During the course of your marriage, you and your spouse likely shared financial responsibilities, budgeted together, and pooled your incomes. However, divorce can bring about many financial changes — and the process requires you to take a close look at the economic picture of your marriage. Your financial circumstances may change dramatically after divorce, and the decisions you make throughout the settlement process can have lasting economic implications.

It’s important to be aware of the financial pitfalls to avoid during divorce and the steep consequences that can come with them. The following are some of the most common financial mistakes during divorce.

Not Understanding Your Marital Finances

One of the biggest financial mistakes during divorce is not having a clear picture of your finances. If you allowed your spouse to handle all the financial matters during your marriage, you should gather all the financial information you can once you anticipate divorce. For instance, tax returns, checking and savings account statements, credit card statements, loan or mortgage documents, income and benefits, and retirement account documents can help you understand the financial circumstances of your marriage and the value of your marital assets.

Disregarding Tax Consequences

Many of the financial decisions you will make during the divorce process may have tax implications that might not be readily apparent. It’s essential to consider the possible tax consequences when it comes to things like claiming dependents and property division, particularly relating to the nature of assets being divided and possible embedded taxes. It’s often helpful to seek the advice of an accountant who can advise you regarding how your taxes could be affected by divorce — and how they can be minimized.

Not Dividing Retirement Assets Correctly

Retirement assets can be complex and it’s important to ensure that they are divided correctly. Some types of retirement assets cannot be divided by a divorce decree and may require a Qualified Domestic Relations Order. This is a specific legal document that orders the plan administrator to distribute the stipulated portion of benefits to a spouse. These documents must be drafted in a certain way and approved by the plan administrator after the divorce is final.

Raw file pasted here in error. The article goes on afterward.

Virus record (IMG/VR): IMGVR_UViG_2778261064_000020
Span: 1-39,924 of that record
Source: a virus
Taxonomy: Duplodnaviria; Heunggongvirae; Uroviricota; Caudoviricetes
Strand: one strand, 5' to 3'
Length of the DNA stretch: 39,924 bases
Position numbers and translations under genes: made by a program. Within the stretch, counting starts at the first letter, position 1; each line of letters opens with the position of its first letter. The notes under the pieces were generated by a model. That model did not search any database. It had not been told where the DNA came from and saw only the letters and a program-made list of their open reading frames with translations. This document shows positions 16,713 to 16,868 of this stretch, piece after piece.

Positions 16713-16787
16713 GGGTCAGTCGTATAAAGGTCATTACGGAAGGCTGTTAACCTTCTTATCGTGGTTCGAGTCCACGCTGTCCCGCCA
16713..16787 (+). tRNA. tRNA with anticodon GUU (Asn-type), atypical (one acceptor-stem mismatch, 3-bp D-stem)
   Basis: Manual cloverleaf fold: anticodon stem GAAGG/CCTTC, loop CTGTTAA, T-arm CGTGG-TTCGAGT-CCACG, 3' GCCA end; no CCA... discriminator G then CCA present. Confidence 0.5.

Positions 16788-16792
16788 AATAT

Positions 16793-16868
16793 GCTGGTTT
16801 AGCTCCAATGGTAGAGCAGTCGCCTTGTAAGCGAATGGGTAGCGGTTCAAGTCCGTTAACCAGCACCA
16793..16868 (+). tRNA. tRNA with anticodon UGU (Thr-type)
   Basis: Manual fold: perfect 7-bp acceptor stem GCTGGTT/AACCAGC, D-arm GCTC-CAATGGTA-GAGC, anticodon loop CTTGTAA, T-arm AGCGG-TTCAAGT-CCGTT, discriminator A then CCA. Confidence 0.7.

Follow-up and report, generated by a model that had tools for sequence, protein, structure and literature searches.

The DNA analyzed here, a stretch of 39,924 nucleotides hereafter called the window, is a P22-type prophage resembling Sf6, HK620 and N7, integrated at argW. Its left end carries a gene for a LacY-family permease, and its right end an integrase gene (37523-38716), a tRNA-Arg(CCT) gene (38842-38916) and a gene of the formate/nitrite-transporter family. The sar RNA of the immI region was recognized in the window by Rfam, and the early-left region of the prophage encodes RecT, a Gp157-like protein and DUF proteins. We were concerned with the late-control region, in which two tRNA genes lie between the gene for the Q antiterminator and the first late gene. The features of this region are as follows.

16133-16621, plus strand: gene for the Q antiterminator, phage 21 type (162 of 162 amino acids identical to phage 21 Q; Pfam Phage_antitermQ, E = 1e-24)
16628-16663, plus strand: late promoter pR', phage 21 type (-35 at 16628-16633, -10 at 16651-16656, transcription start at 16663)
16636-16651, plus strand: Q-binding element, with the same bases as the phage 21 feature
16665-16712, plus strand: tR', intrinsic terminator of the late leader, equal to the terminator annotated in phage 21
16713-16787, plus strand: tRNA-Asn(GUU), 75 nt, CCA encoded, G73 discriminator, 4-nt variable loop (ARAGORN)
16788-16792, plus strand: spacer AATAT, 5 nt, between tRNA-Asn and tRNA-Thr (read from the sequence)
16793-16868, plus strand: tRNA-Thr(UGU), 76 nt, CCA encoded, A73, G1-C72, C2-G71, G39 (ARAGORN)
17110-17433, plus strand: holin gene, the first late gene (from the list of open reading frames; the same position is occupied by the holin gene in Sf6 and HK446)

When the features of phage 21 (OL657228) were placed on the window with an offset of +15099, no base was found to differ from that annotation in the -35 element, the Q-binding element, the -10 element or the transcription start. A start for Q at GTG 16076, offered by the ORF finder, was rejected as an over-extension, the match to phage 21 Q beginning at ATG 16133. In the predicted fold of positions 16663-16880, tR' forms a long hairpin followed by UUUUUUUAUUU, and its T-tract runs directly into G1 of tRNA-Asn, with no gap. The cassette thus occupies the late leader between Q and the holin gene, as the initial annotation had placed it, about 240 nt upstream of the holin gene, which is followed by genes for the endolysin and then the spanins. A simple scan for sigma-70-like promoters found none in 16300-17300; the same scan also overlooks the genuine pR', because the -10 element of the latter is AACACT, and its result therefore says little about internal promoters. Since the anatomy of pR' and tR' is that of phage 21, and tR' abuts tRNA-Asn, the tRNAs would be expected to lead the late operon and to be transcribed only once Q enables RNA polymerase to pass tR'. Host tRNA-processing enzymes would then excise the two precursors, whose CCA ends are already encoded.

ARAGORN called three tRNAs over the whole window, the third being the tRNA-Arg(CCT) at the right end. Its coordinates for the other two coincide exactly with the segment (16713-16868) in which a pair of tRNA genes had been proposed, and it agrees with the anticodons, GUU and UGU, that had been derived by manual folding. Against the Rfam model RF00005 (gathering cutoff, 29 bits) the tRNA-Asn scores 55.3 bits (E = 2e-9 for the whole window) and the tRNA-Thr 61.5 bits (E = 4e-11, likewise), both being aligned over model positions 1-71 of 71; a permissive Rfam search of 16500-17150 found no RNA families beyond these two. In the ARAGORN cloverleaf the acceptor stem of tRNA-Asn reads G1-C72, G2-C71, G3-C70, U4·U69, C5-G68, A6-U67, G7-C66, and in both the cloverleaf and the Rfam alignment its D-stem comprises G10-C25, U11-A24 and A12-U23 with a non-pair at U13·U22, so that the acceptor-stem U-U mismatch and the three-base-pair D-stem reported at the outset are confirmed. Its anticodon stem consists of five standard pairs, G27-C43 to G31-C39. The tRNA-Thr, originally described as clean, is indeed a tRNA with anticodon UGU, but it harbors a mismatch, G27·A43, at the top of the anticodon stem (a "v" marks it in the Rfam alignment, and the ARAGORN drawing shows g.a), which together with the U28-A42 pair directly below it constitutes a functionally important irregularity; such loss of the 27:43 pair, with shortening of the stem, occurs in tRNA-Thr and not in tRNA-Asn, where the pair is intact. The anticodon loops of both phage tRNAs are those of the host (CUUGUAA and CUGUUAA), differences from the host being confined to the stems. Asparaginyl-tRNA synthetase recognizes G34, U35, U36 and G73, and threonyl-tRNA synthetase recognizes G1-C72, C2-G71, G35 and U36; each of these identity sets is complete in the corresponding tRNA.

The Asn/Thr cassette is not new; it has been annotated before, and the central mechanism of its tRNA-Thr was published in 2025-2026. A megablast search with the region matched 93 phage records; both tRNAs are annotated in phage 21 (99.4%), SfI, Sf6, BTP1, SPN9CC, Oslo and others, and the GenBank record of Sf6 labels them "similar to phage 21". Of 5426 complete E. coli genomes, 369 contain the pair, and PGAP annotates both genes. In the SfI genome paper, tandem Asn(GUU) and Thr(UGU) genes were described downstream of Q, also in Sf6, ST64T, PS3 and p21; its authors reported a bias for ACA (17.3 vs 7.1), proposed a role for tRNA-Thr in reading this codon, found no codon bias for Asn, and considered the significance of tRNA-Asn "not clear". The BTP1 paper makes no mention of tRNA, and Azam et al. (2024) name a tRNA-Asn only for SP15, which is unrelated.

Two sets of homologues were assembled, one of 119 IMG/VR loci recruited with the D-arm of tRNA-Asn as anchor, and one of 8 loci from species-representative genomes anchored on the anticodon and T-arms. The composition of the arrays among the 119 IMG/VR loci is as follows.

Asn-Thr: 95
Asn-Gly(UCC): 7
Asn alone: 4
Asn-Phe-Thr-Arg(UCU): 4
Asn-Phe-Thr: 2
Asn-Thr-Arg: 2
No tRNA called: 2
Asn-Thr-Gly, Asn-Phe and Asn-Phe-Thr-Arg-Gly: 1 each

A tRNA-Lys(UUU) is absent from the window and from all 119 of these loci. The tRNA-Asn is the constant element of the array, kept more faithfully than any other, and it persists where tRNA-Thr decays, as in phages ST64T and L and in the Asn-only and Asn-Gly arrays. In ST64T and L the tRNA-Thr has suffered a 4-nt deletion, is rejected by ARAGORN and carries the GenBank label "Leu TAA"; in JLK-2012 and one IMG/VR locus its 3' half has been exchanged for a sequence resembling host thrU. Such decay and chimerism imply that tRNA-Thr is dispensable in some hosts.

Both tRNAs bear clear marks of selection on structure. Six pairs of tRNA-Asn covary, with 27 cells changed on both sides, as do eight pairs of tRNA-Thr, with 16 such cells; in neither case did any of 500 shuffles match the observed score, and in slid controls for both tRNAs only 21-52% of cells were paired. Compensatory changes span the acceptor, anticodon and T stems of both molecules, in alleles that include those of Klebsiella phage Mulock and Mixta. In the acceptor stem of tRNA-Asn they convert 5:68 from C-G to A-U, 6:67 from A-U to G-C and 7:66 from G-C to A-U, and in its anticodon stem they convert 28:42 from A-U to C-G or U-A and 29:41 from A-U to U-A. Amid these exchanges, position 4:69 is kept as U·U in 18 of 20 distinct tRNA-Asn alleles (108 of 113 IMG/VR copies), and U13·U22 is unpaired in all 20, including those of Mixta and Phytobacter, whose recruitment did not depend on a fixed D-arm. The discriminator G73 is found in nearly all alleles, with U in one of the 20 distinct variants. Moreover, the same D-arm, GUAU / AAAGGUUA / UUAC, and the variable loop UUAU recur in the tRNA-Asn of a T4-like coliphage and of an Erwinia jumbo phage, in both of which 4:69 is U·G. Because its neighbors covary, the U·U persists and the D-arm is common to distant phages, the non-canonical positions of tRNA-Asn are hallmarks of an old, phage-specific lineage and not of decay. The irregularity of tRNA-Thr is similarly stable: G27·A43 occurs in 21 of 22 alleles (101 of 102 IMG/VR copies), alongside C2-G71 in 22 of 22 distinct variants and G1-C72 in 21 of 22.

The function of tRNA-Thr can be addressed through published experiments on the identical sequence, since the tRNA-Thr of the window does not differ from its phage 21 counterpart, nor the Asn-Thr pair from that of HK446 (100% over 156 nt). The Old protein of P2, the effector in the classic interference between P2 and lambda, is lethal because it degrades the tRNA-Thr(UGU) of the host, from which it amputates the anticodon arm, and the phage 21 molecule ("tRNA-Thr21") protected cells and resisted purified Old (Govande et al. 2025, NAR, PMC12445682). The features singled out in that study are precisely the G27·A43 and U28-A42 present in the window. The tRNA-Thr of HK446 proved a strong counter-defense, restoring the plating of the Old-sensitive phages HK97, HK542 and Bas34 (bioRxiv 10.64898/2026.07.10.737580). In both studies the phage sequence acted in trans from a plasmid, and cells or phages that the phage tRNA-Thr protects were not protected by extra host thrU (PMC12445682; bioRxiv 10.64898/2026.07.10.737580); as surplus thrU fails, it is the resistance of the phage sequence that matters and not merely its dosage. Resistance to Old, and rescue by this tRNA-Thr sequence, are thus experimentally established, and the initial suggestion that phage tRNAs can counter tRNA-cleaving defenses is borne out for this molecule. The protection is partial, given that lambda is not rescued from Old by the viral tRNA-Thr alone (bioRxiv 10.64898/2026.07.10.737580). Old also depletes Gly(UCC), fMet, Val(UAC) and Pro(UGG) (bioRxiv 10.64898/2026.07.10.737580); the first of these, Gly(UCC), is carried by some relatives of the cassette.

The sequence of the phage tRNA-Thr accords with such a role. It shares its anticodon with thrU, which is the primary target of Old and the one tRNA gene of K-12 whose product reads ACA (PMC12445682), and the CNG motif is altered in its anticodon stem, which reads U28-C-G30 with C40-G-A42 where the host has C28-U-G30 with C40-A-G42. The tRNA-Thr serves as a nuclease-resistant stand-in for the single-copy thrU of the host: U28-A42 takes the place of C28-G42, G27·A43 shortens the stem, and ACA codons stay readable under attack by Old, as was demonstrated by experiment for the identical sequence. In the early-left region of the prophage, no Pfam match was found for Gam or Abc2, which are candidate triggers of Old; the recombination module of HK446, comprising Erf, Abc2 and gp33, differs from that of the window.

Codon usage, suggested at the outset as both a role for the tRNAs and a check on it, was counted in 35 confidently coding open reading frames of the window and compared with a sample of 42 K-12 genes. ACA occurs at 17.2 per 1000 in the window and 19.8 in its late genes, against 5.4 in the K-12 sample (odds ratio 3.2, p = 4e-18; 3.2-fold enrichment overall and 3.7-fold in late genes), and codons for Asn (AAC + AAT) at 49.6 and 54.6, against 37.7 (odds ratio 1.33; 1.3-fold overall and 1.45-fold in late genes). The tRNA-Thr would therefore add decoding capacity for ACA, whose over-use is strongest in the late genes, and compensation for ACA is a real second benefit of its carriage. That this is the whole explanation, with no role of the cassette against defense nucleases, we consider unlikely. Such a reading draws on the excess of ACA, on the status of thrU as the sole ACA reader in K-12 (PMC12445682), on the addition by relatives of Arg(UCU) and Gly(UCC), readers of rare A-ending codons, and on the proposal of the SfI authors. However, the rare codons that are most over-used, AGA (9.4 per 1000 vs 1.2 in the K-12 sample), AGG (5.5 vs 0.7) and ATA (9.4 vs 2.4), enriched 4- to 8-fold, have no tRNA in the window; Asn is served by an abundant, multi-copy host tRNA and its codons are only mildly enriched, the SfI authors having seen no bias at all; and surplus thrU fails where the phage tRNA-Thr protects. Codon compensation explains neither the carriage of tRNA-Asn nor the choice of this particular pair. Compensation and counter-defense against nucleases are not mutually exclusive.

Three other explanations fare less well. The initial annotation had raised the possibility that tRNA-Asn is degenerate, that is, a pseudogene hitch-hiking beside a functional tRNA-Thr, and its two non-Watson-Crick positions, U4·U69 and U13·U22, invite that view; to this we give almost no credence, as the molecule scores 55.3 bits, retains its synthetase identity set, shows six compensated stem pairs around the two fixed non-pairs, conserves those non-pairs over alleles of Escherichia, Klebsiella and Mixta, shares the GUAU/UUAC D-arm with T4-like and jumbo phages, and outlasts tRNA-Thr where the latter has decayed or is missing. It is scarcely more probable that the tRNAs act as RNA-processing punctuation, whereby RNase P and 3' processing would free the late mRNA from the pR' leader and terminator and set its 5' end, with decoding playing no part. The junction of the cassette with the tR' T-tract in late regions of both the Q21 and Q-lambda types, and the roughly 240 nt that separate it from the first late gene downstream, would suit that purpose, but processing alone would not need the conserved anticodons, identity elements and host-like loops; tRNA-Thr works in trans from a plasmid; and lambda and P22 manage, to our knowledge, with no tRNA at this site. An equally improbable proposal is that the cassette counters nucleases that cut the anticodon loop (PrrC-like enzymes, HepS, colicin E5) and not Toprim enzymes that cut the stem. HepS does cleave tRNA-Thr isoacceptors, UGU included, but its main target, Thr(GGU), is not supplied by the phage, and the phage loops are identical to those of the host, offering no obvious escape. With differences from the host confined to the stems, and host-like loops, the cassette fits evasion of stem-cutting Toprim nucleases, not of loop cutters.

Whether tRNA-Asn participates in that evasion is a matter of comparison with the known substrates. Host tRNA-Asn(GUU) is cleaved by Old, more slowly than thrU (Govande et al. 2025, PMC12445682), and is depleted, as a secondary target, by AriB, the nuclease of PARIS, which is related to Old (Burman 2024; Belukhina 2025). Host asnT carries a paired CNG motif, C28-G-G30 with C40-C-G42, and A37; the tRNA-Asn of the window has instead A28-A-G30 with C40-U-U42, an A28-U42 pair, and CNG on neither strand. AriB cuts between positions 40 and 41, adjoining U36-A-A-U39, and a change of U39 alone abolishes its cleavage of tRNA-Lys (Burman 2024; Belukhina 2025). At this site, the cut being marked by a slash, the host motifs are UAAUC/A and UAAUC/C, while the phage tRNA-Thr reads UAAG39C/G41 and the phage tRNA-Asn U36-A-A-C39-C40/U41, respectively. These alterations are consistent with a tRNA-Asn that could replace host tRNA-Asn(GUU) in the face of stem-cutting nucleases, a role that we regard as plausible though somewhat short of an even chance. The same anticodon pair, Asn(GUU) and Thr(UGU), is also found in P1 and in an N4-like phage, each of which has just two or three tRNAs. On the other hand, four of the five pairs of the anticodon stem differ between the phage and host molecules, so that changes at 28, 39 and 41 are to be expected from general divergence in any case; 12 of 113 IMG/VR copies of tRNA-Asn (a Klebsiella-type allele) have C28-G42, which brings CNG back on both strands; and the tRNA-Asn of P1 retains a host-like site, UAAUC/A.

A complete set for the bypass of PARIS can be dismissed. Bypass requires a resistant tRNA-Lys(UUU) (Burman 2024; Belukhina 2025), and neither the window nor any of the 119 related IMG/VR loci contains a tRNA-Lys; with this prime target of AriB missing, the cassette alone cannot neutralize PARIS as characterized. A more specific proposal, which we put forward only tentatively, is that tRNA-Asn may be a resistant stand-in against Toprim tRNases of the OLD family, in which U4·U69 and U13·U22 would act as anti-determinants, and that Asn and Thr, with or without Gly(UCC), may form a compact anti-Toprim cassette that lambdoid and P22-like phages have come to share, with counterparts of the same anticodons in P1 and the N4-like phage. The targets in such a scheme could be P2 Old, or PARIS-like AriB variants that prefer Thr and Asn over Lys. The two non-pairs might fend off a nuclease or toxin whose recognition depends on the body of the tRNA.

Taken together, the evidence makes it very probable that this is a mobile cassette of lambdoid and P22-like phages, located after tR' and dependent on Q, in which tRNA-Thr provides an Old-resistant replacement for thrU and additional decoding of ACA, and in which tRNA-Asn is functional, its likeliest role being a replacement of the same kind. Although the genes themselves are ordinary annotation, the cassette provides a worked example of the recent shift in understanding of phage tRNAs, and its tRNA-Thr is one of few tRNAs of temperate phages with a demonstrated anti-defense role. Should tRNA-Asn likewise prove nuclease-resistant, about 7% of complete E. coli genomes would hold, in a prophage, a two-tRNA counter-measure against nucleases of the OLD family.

Failing to Create a Post-Divorce Budget

Your post-divorce financial circumstances may be very different from your financial situation during the marriage. Often, people underestimate the living expenses they will incur following divorce. Since you won’t have two incomes to rely upon, it’s crucial to create a post-divorce budget that you can stick to. Be sure to factor in your expenses for housing, utilities, groceries, clothing, transportation, and other costs — it can be very easy to overlook certain monthly expenses and underestimate your expenses. And it is important to understand what your new tax rate will be when you are filing as a single person, with or without children.

Rushing into a Settlement

You should never rush into a divorce settlement without making sure you know your legal and financial rights. If you don’t thoroughly understand your rights under state law, you could potentially sign a settlement agreement that is not in your favor. Even if you think you and your spouse agree on all the issues that must be decided to divorce, it’s best to consult with an experienced divorce attorney and review your settlement agreement with them.

Fighting to Keep the Marital Home

The marital home is usually one of the largest assets spouses own together. For many couples facing divorce, it can also be the asset that is most contentious to part with. It’s critical not to allow your emotions to get in the way of an accurate financial assessment. If you cannot afford to keep the family home, you should consider all possible viable options, including selling the house and splitting the proceeds or exchanging the home with your spouse for another asset.

Not Considering Mediation or Collaborative Divorce

A common financial mistake during divorce is quarreling over every asset or piece of property. Not only does this mean more time is spent in litigation to resolve the matter, but it also results in incurring more costs. Mediation and the collaborative divorce process are two alternative dispute resolution methods that can significantly reduce the cost of divorce. By facilitating healthy communication and encouraging spouses to reach a settlement, the parties can remain in control of the outcome of their case — and the expenses associated with it.

Learn More About Avoiding Financial Mistakes During Divorce

If you are thinking about parting ways with your spouse, it’s crucial to avoid making financial mistakes during divorce. A knowledgeable divorce attorney can provide you with the advice and counsel you need to move forward successfully. Divorce and family law attorney Louise Livesay has been dedicated to helping clients in the Twin Cities area resolve divorce matters peacefully and respectfully for over two decades. We welcome you to contact us online for a consultation or by calling 651-294-2338.

Categories: Divorce